That way, she says, "you've sort of bulletproofed your portfolio."
To keep up with your money and reach your goal, you also want to have a succession of plans, not just one, over the course of your investing life. Beware of the one-size-fits-all solution.
"There is no perfect portfolio," says Swedroe. "There's only the perfect portfolio based on your ability, willingness and need."
"There is no perfect portfolio. There's only the perfect portfolio based on your ability, willingness and need."
Several different planners could recommend different allocation plans to the same client. Two clients who looked roughly the same on paper could select vastly different investment plans (one reason many financial planners caution consumers to use online asset allocation plan calculators as an information or research tool, not as a one-stop source.)
"No two clients are alike," says Berg. One of his clients is a 40-something who is an inveterate saver. But her tolerance for risk is low. "So we have her portfolio in a 50/50 mix" of stocks and bonds, he says. While that wouldn't be his solution for everyone, he says, "She's willing to save longer and take less risk."
Where to startYou and your financial planner will first look at several things. What is your goal and when do you want this money available? If you're retiring in 30 years, the plan could look much different than if you're retiring in the next decade.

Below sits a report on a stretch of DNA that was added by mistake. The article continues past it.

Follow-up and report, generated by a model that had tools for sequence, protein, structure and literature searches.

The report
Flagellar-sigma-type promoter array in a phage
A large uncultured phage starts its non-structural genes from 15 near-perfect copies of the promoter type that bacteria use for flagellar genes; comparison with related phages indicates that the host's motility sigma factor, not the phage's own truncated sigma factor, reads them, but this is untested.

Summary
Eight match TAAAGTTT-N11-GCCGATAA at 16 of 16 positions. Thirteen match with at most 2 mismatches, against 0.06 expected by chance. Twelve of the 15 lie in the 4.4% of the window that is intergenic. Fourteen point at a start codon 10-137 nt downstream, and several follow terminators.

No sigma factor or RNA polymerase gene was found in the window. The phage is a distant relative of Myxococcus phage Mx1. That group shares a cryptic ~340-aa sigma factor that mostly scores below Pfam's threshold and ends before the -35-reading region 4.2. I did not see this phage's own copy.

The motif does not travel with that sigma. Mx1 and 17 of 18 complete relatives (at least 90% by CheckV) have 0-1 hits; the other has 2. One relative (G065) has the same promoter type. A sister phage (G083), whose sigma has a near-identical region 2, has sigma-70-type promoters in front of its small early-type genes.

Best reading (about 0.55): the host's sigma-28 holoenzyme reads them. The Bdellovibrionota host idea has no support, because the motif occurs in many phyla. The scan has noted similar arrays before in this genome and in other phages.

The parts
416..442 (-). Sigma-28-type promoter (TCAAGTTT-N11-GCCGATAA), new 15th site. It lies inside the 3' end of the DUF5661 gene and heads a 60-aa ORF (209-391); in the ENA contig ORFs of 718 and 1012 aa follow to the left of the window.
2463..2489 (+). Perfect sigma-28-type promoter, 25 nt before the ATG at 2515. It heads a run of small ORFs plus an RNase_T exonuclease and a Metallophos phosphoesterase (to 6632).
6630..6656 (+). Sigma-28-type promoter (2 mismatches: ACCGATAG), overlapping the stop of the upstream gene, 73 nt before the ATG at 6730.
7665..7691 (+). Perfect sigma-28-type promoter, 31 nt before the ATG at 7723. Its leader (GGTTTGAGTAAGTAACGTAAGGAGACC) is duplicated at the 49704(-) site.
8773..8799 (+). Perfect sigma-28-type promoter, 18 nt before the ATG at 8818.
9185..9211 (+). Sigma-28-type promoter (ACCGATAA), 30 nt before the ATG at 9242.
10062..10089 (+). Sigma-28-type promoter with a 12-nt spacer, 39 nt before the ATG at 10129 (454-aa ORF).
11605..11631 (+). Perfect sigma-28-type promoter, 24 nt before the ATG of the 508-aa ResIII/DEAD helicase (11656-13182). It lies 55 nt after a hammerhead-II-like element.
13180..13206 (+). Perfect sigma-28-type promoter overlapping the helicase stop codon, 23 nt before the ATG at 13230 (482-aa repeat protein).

Once you know your goal and timeline, "the rest of the pieces fall into place," says Berg.
Next, what is your risk tolerance? Usually, you balance this with your need to keep pace with inflation and come up with a mix that will keep your money growing and let you sleep at night.
The secret: "Not taking more risk than you have the ability, willingness or need to take," says Swedroe.
Some other factors you'll consider:
- What's your household income and how much money will you be investing?
- What are your needs and additional resources? If you're saving for retirement, will you also have a pension? Will you still have mortgage payments? Will you start a business or work part-time? Or would you rather read and travel?
But you have to be really honest with yourself. "A lot of people think they can tolerate higher risk," says Cabaniss. "But 99.9 percent of people cannot take high volatility and cannot take unsettling news."
Look for your risk tolerance to change over time, as your salary increases, as your life changes and as you get more experience as an investor. If you're half of a couple, the more difficult task is to factor in the risk tolerance of both parties.
Based on the information, you and the planner will decide what percentage of your investment money should go into certain asset classes. Ideally, "you want things that when one is doing not so well, the others are doing great," says Swedroe.